Benefits of exercise for mental health and wellbeing

29 May 2020 | Early Years, Expert Advice & Opinions

Exercise and wellbeing go hand in hand, and although we often associate working out with physical changes to our body, the benefits that exercise can have for our mental health and wellbeing is far greater. Many more of us are already taking steps to increase our physical activity in order to better our mental health, but some of us need a little more guidance on just how to do that. 

Exercise makes for better mental health: the facts

  • Running for 15 minutes or walking for 1 hour can reduce the risk of depression by 26%
  • People who exercise daily tend to have between 1-2 fewer ‘bad days’ each month than those who don’t

 

Why is this the case?

Well, it’s mainly down to the ‘happy chemicals’ our brains release when we exercise – like endorphins, which relieve pain and give positive feelings of enjoyment. Endorphins are one of the many chemicals in our brains which determine how we think and feel about situations. When these are released during exercise, they trigger other chemicals within the body which give us the energy and determination to get through the physical activity at hand, and therefore improving our general mood and wellbeing. These chemicals include Dopamine, Norepinephrine, Serotonin and Adrenaline – Serotonin being the main chemical which is targeted by antidepressants.

 

How should I exercise?

Enough of the science behind exercise and mental health – we all know we need to do more. But because our lives can be so busy and stressful most of the time, it’s difficult to make time or even think about making time for our personal wellbeing. But it’s so important. We can’t run on empty, and the more we feed our minds, the better they’ll perform for us in our day-to-day lives.

Also, don’t be put off by the words ‘workout’ or ‘exercise’. People tend to associate both with heavy weightlifting activities in the gym or running a marathon after work. We know that is not realistic when you work full-time and/or have children to look after, but as long as you’re getting in 15-30 minutes a day of heart-pumping activities, you’re doing great. Here’s some exercise activities you could try outdoors, at work or at home:

  • Dance
  • Gardening
  • Keep fit home videos
  • Badminton
  • Swimming
  • Yoga
  • Spinning classes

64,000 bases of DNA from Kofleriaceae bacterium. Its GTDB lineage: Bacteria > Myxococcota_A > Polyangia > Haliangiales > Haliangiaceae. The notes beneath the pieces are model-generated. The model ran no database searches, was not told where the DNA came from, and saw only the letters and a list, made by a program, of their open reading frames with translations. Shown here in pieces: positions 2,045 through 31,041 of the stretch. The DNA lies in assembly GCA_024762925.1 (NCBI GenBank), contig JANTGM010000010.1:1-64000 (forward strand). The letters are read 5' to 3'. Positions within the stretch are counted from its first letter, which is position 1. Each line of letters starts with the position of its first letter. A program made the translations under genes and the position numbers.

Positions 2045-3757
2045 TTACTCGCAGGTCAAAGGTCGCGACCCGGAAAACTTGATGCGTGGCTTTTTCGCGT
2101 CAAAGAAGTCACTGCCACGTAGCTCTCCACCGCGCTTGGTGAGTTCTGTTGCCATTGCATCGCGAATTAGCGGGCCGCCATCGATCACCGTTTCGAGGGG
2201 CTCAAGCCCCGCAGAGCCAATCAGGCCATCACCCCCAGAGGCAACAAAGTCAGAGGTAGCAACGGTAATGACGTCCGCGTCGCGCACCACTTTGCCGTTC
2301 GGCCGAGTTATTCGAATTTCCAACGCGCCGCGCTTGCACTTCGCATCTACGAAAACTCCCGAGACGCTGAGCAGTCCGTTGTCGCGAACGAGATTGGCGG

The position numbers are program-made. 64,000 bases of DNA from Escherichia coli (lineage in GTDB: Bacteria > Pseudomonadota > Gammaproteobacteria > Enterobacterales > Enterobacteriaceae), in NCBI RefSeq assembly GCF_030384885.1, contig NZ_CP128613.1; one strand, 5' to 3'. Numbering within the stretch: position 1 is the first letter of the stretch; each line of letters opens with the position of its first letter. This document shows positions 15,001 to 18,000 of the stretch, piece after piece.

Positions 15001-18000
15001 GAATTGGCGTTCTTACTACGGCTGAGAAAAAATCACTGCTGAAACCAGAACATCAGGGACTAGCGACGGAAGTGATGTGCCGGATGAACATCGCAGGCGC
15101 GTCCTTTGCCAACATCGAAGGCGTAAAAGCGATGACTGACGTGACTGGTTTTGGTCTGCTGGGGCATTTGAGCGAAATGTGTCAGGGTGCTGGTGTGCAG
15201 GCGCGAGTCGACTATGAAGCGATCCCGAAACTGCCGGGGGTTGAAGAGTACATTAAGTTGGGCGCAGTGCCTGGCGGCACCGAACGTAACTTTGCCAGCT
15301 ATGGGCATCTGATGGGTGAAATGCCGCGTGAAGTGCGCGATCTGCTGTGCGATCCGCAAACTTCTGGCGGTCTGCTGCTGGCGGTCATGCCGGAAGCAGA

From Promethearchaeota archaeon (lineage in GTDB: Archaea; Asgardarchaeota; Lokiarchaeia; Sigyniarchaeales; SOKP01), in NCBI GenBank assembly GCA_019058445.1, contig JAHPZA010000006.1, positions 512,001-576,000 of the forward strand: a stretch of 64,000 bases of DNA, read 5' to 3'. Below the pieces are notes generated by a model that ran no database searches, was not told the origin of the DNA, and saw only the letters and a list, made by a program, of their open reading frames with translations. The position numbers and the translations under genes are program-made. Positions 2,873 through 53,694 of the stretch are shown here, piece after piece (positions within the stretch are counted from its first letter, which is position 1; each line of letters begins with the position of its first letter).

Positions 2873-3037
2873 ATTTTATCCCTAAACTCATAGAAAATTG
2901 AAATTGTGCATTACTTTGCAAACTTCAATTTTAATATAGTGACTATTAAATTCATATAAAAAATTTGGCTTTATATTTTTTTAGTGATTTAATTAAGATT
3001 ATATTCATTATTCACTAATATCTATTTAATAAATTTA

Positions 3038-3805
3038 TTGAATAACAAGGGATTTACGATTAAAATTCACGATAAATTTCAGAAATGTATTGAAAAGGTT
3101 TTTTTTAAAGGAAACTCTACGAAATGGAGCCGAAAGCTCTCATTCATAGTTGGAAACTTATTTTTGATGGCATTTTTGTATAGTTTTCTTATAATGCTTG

• Walking or jogging

It’s also very smart to start off small and do more when you feel like it. Exercise can be a daunting thought when you haven’t done any for so long, so just take baby-steps and do things you enjoy.

 

How will exercising help me in my day-to-day life?

As I’m sure you’re aware by now, there seems to be a strong correlation between exercise and mental health. But as well as lowering the chances of depression, exercise can provide several emotional benefits. Here are some to consider:

More energy. Regular exercise should give you more motivation to ‘get up and go’. The more exercise you do, the more energy you’ll build up, and therefore be able to do more exercise! This is how people raise their tolerance levels when it comes to working out, so start off small and keep growing.

Improved sleep. Even short periods of exercise in the mornings or afternoons can improve your sleep and sleeping pattern massively. Releasing energy will allow your body to relax better at night-time. Or if you only have time to exercise in the evenings, try relaxing activities such as yoga or stretching.

Sharper memory & thinking. As well as endorphins making you feel happier, they also improve concentration and help you to feel more mentally sharp. This will allow you to get things done more efficiently and quickly, so if you feel as though there’s no time for exercise because of workload, make time, and your workload will feel much easier to get through!

Higher self-esteem. Exercising regularly can help you to feel more powerful and strong, and therefore building up your self-esteem. By meeting regular exercise goals, you may start to feel a sense of achievement, and even feel better about your over-all appearance. These things will improve your self-worth and help you to feel more positively about yourself, and the people and things around you.

 

Any movement is better than nothing

If you’re still not convinced, then just a few minutes per day of exercise is still better than nothing at all. If you don’t feel up to exercising or simply have too much on, do something as simple as going for a walk outdoors. Fill your lungs with fresh air and try to take some minutes away from everything you have on your mind. You don’t have to suffer and force yourself into intense exercise routines.

If you’re unsure how you feel and think you need some more guidance on what to do in order to improve your mental health and wellbeing in general, you can take a short quiz here, which will give you a score and recommend some tips to improve your lifestyle and mental health. For more information on how exercise can help lower your risk of depression, see the NHS website.

If you’d like more tips on how to look after yourself and your colleagues, take a look at our other Wellbeing blogs. You can also keep an eye on our Instagram, where we’re always sharing tips and ideas on everything early years and wellbeing.

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